Boston unearths remnants of possible slave quarters in Roxbury
The City of Boston Archaeology Program has uncovered remains of what the city archaeologist believes are some of the only known quarters of enslaved people remaining in New England. The quarters were the basement of the Shirley-Eustis House in Roxbury, which was moved in the 1800s, leaving the foundation behind.
Joe Bagley, city archaeologist for the City of Boston, joined Radio Boston to discuss the findings. He was joined by Rev. Willie Bodrick II, senior pastor at the Twelfth Baptist Church in Roxbury.
Below are highlights from the conversation, lightly edited for clarity.
On finding the site
Bagley: “We were expecting to see a foundation or the basement of this building really clearly, and as we dug down, all we were finding were platforms and surfaces, and pavement of stone. It took us about halfway through the dig to realize that the thing we had been finding was in fact the basement level.”
On the people enslaved at the unearthed site
Bagley: “We know of at least five people who were enslaved by Gov. William Shirley, who was responsible for having the house get built, as well as his son-in-law Eliakim Hutchinson. Four of them were children. The first was an infant named Jane, who may have not survived the time when the house was built. We know there was an infant named Nanny, who was baptized at Kings Chapel in 1753, and died very shortly thereafter — days later. She was actually a servant of Gov. Shirley’s daughter, Catherine, at the age of 18 months.
And then later, Gov. Shirley’s daughter Elizabeth and her husband Eliakim had two children enslaved at the home, Affy and Cesar, and a man named Thomas Scipio.”
On what the discovery means
Bodrick: “To me, this is really a conversation that we’re having in Boston writ large around Black erasure, narrative erasure. And how we tell a new story, how we sing a new song. As I was talking with Joe earlier, these are people, these are stories that are being both excavated but are also being lifted.
If we’re going to think critically about who we are as a city in this particular era, in this particular moment, where we’re seeing the erasure and retelling of slave narratives all across this country, it’s important for us to be a beacon of light to talk about the dark side of Boston, and to actually own that slavery wasn’t just a southern issue. It was a northern issue. It was a City of Boston issue.”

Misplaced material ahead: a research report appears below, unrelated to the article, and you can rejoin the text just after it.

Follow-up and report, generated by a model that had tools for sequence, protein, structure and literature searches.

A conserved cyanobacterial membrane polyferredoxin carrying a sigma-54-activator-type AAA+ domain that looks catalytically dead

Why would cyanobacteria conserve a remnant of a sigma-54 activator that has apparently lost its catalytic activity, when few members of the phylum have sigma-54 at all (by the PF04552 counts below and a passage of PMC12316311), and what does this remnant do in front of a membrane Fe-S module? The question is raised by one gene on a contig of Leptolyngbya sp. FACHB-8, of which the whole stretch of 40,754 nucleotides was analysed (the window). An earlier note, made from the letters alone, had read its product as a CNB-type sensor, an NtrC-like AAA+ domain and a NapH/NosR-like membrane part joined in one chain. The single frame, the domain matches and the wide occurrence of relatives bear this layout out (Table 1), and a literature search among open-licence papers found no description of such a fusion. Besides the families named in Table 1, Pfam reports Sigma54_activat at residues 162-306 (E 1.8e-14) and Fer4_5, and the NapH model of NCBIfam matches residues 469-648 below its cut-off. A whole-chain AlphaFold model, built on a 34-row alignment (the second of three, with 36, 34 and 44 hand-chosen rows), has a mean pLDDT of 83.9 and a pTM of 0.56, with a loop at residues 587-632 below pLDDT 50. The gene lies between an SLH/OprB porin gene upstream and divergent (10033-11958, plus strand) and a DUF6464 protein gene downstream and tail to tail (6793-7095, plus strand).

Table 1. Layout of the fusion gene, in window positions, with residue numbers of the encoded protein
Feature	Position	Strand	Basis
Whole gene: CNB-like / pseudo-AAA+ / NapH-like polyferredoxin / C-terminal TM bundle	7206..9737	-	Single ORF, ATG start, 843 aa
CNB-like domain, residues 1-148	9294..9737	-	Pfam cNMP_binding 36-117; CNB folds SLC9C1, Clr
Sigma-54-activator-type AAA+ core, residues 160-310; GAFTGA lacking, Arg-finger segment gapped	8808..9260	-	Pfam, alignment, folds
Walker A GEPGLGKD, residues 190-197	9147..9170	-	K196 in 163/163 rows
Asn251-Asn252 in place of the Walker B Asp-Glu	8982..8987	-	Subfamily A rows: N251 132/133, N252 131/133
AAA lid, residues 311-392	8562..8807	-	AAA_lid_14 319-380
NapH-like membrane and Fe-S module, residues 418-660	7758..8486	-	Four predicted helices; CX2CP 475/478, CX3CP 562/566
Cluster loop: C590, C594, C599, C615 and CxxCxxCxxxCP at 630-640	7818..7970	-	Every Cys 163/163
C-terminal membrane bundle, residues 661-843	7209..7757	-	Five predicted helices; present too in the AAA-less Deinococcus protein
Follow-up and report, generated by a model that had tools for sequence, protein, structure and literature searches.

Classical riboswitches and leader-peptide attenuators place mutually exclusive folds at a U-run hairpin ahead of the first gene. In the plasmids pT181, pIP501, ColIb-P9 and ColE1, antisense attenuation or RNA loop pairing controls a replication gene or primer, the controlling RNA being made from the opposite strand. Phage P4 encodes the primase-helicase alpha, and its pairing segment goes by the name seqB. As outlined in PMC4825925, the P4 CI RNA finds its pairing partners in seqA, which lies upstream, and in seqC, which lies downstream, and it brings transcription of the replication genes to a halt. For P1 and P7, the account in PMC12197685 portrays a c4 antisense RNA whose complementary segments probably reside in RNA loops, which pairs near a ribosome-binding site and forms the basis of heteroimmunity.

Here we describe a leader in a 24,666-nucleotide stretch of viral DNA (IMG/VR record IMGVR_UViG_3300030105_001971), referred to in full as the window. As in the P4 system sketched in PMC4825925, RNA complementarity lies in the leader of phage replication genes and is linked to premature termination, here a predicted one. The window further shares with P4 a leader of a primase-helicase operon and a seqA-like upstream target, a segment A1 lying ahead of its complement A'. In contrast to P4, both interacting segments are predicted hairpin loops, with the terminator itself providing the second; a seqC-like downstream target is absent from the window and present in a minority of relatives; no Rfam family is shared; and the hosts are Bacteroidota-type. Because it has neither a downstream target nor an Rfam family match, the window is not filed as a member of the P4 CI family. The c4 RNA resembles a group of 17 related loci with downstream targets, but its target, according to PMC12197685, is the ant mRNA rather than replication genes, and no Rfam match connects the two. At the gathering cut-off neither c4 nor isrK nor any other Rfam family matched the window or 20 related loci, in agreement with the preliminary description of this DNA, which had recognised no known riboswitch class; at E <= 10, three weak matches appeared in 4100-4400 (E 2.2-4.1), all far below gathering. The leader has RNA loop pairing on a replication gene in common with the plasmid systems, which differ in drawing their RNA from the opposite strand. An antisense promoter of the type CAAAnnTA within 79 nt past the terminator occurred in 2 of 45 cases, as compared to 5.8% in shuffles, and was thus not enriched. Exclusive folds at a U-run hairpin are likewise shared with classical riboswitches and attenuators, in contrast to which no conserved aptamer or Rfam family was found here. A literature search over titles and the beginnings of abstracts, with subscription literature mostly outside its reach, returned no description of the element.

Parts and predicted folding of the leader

On connecting the past and the present
Bodrick: “The first part of respect is actually telling the story. And what we’re doing now, creating space to actually have the conversation, is of great importance. But it’s also to tie those narratives to what’s happening today.
We can tell a story of gentrification, we can tell a story of oppression here in the city of Boston. We can tell a story of folks being pushed out, of folks losing their access and opportunity to community and to spaces, or even to live in the city of Boston. These stories are not far in between from the history that we know exists.”
On next steps for the dig site
Bagley: “This site, we did not dig into it. We dug down to it. Our main goal was to figure out, is the basement here, where the enslaved spaces and the kitchens were? Now that we’ve been able to say they’re there, the next step is not to dig it up; the next step is to have a conversation with the community to ask the question, ‘Should this be exposed more? Should we dig through the floors?’
There are places in Maryland, for example, where enslaved spaces in basements have had ritual caches, secretly hidden things in the floors around hearths and thresholds. There could be sacred, significant things underground, and I don’t think I have an inherent right as an archaeologist to dig those up. But there could be things in those spaces that could tell a story. So it’s not up to me; it’s up to the community to decide, is this a space that we leave completely intact and don’t go through, or is this a place where we go further into it? But for now, the site is protected. Nothing will happen to it.”
This article was originally published on WBUR.org.
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